VE day Special: Liverpool’s Most Famous Sites


Posted on: 9 April 2020 by Solenna Le Goff in 2020 posts


Men scouting a bombed area in Crosby after the May Blitz.

Just like the rest of Europe, the face of Liverpool changed drastically during the Second World War. The May Blitz was the most devastating event that shook Liverpool to its core. The bombings lasted for eight nights and devastated the city and its surrounding suburbs. 1,900 people were killed, 1,450 seriously injured and over 70,000 people were made homeless. Winston Churchill later praised the strength of Liverpudlians, stating: “I see the damage done by the enemy attacks, but I also see the spirit of an unconquered people.” The effects of the war are still felt today and can be seen through our iconic buildings that many of us have passed without really taking notice. Perhaps next time we encounter the buildings on our list below we will appreciate everything that they symbolise and all that they have done and still do for the Liverpool community.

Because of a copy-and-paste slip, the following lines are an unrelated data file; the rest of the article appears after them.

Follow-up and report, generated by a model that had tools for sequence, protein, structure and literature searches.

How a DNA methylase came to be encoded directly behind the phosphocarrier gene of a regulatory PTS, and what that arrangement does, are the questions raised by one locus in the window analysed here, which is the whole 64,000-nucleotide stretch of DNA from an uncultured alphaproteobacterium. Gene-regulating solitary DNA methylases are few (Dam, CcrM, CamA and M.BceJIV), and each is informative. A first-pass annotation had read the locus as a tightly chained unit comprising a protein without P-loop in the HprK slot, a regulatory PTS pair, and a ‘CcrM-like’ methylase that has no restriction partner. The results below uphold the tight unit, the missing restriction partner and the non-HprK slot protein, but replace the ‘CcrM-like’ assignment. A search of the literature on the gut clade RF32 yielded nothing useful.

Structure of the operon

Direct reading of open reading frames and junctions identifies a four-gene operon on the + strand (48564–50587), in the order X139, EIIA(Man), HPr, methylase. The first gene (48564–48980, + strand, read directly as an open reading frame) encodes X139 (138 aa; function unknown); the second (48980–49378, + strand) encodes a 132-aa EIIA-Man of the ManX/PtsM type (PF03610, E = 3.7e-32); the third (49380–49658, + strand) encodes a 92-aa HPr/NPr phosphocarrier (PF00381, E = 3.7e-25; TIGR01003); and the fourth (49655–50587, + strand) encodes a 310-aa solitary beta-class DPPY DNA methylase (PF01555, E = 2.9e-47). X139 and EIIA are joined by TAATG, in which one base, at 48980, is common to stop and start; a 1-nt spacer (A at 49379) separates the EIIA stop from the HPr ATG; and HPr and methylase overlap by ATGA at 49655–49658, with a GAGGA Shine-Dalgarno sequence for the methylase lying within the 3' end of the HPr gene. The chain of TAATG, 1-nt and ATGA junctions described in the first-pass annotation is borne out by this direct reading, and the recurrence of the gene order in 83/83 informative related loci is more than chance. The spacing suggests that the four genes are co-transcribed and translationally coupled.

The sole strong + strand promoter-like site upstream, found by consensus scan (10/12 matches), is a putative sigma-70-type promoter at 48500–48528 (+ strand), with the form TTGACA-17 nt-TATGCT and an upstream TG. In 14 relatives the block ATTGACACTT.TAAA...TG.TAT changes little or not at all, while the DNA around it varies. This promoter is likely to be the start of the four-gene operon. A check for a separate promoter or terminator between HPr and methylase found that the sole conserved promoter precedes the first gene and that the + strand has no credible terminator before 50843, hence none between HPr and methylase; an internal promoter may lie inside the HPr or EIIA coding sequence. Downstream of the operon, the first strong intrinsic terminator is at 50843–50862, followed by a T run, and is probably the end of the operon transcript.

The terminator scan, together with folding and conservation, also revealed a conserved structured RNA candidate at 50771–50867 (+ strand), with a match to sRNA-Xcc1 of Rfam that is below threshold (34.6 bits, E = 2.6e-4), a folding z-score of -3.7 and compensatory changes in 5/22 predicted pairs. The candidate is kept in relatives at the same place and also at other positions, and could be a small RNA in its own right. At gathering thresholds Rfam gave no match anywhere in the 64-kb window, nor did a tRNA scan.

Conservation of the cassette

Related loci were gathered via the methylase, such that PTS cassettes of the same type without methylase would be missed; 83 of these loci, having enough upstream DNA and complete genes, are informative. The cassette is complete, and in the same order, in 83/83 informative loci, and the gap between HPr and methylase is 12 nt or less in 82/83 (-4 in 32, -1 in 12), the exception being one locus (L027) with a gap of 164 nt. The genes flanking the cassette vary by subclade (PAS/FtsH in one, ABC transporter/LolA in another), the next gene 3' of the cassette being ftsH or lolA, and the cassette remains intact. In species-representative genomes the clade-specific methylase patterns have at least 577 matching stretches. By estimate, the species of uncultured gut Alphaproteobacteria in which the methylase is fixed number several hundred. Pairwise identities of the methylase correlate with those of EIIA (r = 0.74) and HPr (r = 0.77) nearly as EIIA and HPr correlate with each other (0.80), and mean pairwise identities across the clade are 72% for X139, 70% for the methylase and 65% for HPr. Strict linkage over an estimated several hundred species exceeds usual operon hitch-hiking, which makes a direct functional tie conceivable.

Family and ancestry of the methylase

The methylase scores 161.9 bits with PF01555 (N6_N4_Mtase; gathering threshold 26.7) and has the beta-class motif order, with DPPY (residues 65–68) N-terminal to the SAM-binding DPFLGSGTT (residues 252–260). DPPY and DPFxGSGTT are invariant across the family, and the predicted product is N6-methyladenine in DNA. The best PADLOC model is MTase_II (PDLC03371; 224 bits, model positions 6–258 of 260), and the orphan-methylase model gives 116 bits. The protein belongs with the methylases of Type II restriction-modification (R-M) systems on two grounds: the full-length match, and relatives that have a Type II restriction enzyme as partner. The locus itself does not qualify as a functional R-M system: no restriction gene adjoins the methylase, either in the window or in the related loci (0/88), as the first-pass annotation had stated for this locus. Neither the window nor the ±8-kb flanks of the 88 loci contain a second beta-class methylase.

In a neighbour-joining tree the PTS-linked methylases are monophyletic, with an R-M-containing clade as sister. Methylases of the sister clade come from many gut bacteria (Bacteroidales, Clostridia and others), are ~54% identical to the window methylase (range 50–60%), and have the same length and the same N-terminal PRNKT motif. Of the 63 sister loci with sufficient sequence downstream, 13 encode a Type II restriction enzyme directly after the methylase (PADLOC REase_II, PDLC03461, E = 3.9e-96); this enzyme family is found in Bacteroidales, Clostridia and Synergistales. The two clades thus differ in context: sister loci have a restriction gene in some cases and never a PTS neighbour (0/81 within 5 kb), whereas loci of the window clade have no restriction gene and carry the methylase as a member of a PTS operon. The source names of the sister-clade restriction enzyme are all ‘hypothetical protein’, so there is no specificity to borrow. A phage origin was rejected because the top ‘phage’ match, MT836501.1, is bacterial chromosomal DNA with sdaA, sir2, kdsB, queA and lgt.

The victory parade outside St George's Hall in the 1940s.

St George’s Hall

The iconic structure stands tall and proud in the centre of the city. The Hall was opened in 1854 and was the neoclassical vision of Harvey Lonsdale Elmes. Elmes designed the Greek-Romano hall featuring a decorative row of columns classed as some of the finest in the world. The famous concert hall boasts a 165-year-old tiled Minton Floor which comprises 30,000 decorative tiles along with a world renowned Willis concert organ. On 21st and 22nd December 1940, St George’s Hall suffered a hit by incendiary bombs. Part of the building and the organ was damaged but thanks to the efforts of Civil Defence Workers and firefighters the building was saved from more serious injury. The Liverpool Cenotaph was erected on St George’s Plateau in 1930 and was designed Lionel Budden who went on to become the Roscoe Professor in Architecture at the University of Liverpool. The memorial features both tributes to the First and Second World Wars.